Easter Week in Limassol is fast approaching. In the spirit of spring’s ritual renewal, average local temperatures rise to a glorious 21–26C. It’s no coincidence that visitors to Cyprus, including of course Londa hotel guests, may be keen to take a mini-break. Chilly winter blasts mixed with April showers continue to sweep across several home countries at northern latitudes.
The desire to relax and re-energise in Limassol’s warming Mediterranean air over Easter is always a popular choice. Visitor numbers to the island during April rose from 286,331 in 2017 to 314,143 in 2018 — up by 9.7 per cent (Cyprus Statistical Service).
For the cultural explorer seeking meaningful “boutique” experiences, Easter Week in Cyprus, and its celebrations immersed in a rich religious and cultural heritage, can be an insightful and rewarding time. Whether religious minded or secular, visitors from all walks of life are sure to find the various customs and rituals a fascinating glimpse into authentic community traditions preserved down the centuries.
Most important religious event in the Greek Orthodox calendar
“Pascha”, or Holy Easter, is the most important religious event in the Greek Orthodox calendar. This year, Holy Week begins on the 22nd of April (Holy Monday) and ends on the 28th of April (Easter Sunday). However, the timing of the Orthodox celebration of Easter is based on the Julian calendar – first used by Julius Caesar in 46 B.C — and differs from the western tradition, which uses the Gregorian calendar, introduced by Pope Gregory XIII in 1582.
While several Orthodox countries only changed to the Gregorian calendar around 100-150 years later, the national churches continue to use the Julian system of calculating the start and finish of religious celebrations. It means that Orthodox Good Friday falls on the 26th April and Orthodox Easter Monday on the 29th.
Preparations for Easter are everywhere, from mountain village dwellings to the urban apartments of Limassol district…
Air filled with the sweet fragrant aroma of traditional Cypriot pasties and sweets
Thursday of Holy Week can find the air filled with the sweet fragrant aroma of traditional Cypriot pasties and sweets baked just for Easter Sunday. Heated ovens are filled with ‘flaounes’ — small triangular shaped loaves made of flour, eggs, cheese, mint and sprinkled with sesame seeds.
Other savoury delights include ‘paskies’ (small meat pies), ‘koulouria’ (biscuits made of milk, flour, spices and sugar), and ‘tiropites’ (small cheese pies in puff pastry). The bread and pastries are decorated with eggs, dyed red, blue yellow and green, and displayed in bowls and baskets ahead of the traditional, festive games played on Easter Sunday.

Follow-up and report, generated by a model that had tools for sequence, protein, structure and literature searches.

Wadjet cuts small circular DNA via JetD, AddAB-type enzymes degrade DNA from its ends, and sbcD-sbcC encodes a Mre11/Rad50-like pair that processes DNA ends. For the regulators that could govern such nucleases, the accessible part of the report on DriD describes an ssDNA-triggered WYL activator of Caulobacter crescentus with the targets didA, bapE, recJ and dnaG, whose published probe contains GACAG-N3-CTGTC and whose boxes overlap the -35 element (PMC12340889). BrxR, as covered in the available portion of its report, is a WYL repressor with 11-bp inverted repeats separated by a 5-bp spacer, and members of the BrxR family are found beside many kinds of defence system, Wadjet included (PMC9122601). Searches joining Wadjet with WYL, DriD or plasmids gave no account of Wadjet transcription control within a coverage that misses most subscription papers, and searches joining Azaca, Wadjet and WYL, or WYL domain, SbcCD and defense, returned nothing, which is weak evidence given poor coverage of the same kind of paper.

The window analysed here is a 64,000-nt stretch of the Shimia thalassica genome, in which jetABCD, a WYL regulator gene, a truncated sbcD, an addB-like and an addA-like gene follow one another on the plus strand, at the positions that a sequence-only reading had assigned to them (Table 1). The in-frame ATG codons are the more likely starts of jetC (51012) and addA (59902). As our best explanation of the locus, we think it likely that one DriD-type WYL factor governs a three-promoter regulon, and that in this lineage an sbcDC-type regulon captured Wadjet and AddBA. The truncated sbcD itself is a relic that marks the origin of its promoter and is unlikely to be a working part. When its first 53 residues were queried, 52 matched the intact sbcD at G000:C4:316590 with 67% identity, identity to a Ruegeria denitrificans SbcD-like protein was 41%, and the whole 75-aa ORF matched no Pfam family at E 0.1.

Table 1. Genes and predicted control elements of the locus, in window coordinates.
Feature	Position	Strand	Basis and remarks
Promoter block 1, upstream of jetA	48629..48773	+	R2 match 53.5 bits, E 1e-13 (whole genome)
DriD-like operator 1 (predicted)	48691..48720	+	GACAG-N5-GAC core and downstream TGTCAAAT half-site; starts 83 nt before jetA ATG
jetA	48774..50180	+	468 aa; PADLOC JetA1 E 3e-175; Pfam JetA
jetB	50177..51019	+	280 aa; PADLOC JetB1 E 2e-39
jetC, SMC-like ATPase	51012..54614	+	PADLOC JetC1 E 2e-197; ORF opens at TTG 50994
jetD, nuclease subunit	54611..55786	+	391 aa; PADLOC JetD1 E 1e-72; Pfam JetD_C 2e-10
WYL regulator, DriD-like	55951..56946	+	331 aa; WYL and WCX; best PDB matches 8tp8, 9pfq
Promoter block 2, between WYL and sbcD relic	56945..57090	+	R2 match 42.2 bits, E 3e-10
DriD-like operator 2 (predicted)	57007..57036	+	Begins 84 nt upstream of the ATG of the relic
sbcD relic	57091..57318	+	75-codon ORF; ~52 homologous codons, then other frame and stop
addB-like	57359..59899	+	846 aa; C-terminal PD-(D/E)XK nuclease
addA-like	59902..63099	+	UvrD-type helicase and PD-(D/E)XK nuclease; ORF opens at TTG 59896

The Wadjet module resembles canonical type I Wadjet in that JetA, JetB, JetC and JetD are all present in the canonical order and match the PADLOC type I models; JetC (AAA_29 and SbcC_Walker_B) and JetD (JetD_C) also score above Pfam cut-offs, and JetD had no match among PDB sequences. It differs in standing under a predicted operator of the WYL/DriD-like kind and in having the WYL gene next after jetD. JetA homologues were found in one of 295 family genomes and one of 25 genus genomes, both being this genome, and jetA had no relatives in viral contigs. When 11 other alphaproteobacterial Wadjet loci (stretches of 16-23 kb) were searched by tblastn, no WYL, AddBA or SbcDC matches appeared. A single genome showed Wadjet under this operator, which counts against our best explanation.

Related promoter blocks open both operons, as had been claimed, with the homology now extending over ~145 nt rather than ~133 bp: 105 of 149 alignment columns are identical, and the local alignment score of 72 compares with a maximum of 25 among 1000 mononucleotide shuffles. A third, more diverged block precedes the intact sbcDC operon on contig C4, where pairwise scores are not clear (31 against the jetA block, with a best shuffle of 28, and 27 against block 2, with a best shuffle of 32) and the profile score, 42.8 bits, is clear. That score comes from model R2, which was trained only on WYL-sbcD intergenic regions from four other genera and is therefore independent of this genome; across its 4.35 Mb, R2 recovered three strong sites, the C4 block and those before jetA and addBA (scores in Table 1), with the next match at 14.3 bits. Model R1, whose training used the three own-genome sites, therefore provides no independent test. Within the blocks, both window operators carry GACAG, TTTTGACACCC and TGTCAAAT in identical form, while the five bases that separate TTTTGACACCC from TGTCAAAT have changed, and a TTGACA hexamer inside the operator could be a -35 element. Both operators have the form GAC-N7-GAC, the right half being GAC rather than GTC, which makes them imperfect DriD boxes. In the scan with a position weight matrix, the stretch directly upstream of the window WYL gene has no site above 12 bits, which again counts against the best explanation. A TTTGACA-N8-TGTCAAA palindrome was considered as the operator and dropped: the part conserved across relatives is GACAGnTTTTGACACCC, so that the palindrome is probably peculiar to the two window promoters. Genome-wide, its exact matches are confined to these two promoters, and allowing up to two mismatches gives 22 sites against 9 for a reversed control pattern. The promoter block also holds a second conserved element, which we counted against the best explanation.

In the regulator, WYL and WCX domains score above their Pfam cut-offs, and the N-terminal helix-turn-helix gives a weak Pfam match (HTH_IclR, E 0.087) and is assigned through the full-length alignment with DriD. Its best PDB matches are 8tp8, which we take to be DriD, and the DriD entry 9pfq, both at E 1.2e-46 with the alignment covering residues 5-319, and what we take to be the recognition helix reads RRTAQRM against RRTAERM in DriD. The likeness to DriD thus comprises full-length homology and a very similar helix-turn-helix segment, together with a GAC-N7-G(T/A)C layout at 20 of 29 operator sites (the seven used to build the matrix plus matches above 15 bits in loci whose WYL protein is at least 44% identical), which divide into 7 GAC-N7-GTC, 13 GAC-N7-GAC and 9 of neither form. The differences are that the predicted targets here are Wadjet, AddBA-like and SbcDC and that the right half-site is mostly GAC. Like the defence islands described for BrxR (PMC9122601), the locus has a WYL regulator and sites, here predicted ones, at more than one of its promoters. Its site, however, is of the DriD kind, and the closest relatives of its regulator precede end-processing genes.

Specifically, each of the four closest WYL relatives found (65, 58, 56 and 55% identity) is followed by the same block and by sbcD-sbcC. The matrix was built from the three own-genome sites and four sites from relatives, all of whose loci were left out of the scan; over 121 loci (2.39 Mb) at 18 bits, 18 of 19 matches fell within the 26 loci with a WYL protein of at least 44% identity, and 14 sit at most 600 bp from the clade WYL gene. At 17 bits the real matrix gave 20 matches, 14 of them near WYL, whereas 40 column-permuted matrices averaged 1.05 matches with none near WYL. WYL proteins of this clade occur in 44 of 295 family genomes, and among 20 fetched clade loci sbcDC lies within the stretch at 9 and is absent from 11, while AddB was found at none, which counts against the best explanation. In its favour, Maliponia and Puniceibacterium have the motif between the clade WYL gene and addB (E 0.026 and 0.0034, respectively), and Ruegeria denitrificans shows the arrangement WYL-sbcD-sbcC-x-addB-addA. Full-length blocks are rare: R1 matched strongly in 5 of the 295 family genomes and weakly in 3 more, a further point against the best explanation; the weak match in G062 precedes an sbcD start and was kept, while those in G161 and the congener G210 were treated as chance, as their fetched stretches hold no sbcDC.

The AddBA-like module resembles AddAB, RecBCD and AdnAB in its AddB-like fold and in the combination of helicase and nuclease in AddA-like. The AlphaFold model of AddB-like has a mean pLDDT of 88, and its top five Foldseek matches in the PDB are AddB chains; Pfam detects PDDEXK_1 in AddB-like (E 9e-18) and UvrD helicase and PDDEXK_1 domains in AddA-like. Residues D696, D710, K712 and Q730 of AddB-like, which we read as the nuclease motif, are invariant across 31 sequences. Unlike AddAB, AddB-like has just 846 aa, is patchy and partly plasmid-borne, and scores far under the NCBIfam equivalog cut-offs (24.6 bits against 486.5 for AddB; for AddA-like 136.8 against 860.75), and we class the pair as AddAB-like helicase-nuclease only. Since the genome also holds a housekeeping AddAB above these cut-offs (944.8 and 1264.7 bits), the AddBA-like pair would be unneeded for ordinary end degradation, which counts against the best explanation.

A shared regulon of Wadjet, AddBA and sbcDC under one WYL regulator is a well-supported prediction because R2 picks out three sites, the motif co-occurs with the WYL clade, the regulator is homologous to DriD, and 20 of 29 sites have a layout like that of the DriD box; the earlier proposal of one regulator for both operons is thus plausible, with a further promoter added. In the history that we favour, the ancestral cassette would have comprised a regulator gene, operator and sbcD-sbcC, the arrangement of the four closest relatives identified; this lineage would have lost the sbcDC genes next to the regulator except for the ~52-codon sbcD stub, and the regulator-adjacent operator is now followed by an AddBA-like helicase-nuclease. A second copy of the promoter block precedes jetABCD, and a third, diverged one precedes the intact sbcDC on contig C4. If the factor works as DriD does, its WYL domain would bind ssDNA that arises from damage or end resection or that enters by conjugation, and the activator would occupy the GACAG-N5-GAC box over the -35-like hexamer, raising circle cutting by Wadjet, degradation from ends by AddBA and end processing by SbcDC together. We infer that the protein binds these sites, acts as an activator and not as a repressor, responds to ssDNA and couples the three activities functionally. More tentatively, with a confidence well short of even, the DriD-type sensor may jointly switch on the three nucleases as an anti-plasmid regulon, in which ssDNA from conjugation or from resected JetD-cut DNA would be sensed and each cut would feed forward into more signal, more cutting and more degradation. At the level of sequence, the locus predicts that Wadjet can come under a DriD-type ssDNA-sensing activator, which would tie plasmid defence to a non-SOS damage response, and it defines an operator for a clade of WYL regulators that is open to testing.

Flowers collected and carried by young girls to decorate the ‘Epitaphios’
On Good Friday or Greek “Great Friday”, families gather in churches around the island with flowers collected and carried by young girls to decorate the ‘Epitaphios’ during the service. The Epitaphios is an icon which depicts Christ after his removal from the cross. During the Friday evening church service, the decorated Epitaphios is carried in procession through the streets of the local area.
Before the evening service on Easter Saturday (at 11.00pm), church bells sound out in all the villages and towns of Cyprus summoning everyone to come and celebrate the “miracle of resurrection”. Huge bonfires are lit in the churchyards and everyone carries a large unlit candle – known as a ‘lambada’.
A few minutes before midnight, all the lights in the church are switched off and the choir chants the story of the three women who brought myrrh to Christ’s tomb only to find it empty. The lights are switched on again at precisely midnight and the priest calls the congregation to “take from his candle the light which never dies.” Known as the Holy Fire or Greek «Holy Light”, the flame is passed from person to person until everyone is holding a lit candle. The service continues outside the church with an open-air Mass.
Game of ‘breaking of the eggs’
After the service, most of the congregation watch the firework displays, and then return home with family and friends to break the fast of Lent. The feast begins with traditional Cypriot ‘trachana’ (a creamy, savoury soup of wheat and yogurt) or ‘magiritsa’ (a creamy soup with a tangy lemon twist and pieces of meat).
A game is then played in which each person takes one of the eggs that were hardboiled and dyed on Thursday, and strikes it against another person’s egg. Whoever is left with an uncracked egg is declared the winner. The game of breaking the eggs symbolises Christ breaking free from the tomb to be resurrected.
However, it’s on Easter Sunday itself when many of the customary celebrations really begin.
Traditional Cypriot music played in village squares across the island
From Sunday lunchtime until Tuesday night, games and traditional Cypriot music are played in village squares and churchyards right across the island. Areas where public festivities are usually held in Limassol include Agios Tychonas, Germasogeia, Pano Polemidia, Lania and Sykopetra. In the afternoon, traditional ‘souvla’ — large pieces of lamb, pork or chicken cooked on an open charcoal fire – and consumed with salads, cakes, sweets, and alcoholic beverages.
Across Cyprus, everyone from local resident to island visitor is likely to be greeted with an enthusiastic, “Christos Anesti” (Christ is Risen!), “Kopiaste” (Welcome!) or “Chronia Polla” (May you have many years!). So it only remains to wish all our guests at Londa Hotel and visitors to Limassol, “Kalo Pascha” — a Happy Easter!